How Do You Get Some?

Studies show that Emotional Intelligence is more important than IQ in determining the future success of a person. The good news about Emotional Intelligence is that it can be learned and refined over time.

1. Gain Insight to Yourself. There are many ways to do this. You can complete a standard assessment such as the DiSC Inventory or the Social Styles index. These assessments are available through a variety of sources online and deliver a detailed report of your overall tendencies.

Another means of insight is to ask people you trust. This requires courage and a thick skin, and your genuine desire to take in whatever they have to say, even if you disagree. Hearing something that seems totally inconsistent with your self-perception can be very painful, but it’s also the best way to see gaps between your intentions and your behaviors.

2. Learn About Emotional Intelligence and Personality Styles. Two of the principal works on Emotional Intelligence are Emotional Intelligence by Dr. Daniel Goleman, and Emotional Intelligence 2.0 by Drs. Travis Bradbury and Jeanne Greaves. Books like People Styles at Work (Robert Bolton & Dorothy Grover Bolton) break down how each personality style filters information, communicates, and interacts with the other styles. There are numerous books and classes available on the DiSC framework, as well.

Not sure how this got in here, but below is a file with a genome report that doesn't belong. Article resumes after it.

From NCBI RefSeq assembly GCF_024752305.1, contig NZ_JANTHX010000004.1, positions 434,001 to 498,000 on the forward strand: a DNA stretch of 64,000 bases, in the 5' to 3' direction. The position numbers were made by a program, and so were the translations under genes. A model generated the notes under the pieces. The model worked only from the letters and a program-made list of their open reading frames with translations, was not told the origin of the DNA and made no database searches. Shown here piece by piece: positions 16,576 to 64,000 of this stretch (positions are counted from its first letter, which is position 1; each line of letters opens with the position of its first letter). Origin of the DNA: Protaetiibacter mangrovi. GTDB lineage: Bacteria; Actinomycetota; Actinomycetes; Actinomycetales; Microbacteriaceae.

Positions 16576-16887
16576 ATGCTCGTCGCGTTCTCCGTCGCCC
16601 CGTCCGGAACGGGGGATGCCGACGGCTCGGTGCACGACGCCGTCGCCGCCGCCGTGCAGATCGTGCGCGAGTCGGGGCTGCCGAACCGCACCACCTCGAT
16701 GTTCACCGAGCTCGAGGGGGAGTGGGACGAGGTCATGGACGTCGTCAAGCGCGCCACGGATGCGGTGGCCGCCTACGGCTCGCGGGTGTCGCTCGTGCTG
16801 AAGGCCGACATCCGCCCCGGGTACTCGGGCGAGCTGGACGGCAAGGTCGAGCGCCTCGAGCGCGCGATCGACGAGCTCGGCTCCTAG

3. Work on One or Two Behaviors at a Time. Rather than trying to take on the whole world of personality differences, choose one or two areas that seem to cause you the most trouble. Maybe it’s having people listen to you?  Perhaps it’s your short temper? Observe the situations where this happens, note the external stimulus or triggers, and think about how your brain may be unconsciously delivering a filtered response that is counter-productive.  You’ll be amazed at how much calmer you can remain when you are aware of your own “hot buttons.”

4. Get a Coach or a Mentor. If you want a truly objective viewpoint, a coach or mentor can be invaluable. They will help you to recognize patterns in yourself and others, and build your ability to consciously choose your behaviors rather than being driven by pure emotion.

Once you understand how your emotions influence your behaviors, and the behaviors of others, you will look at interactions as opportunities to build rapport and enhance communication. The benefits are immense to decision-making, relationships, and even to your overall health.  According to Warren Bennis, author of On Becoming a Leader,

“Emotional Intelligence is much more powerful than IQ in determining who emerges as a leader. IQ is a threshold competence. You need it, but it doesn’t make you a star. Emotional Intelligence can.”

And who doesn’t want to be a star?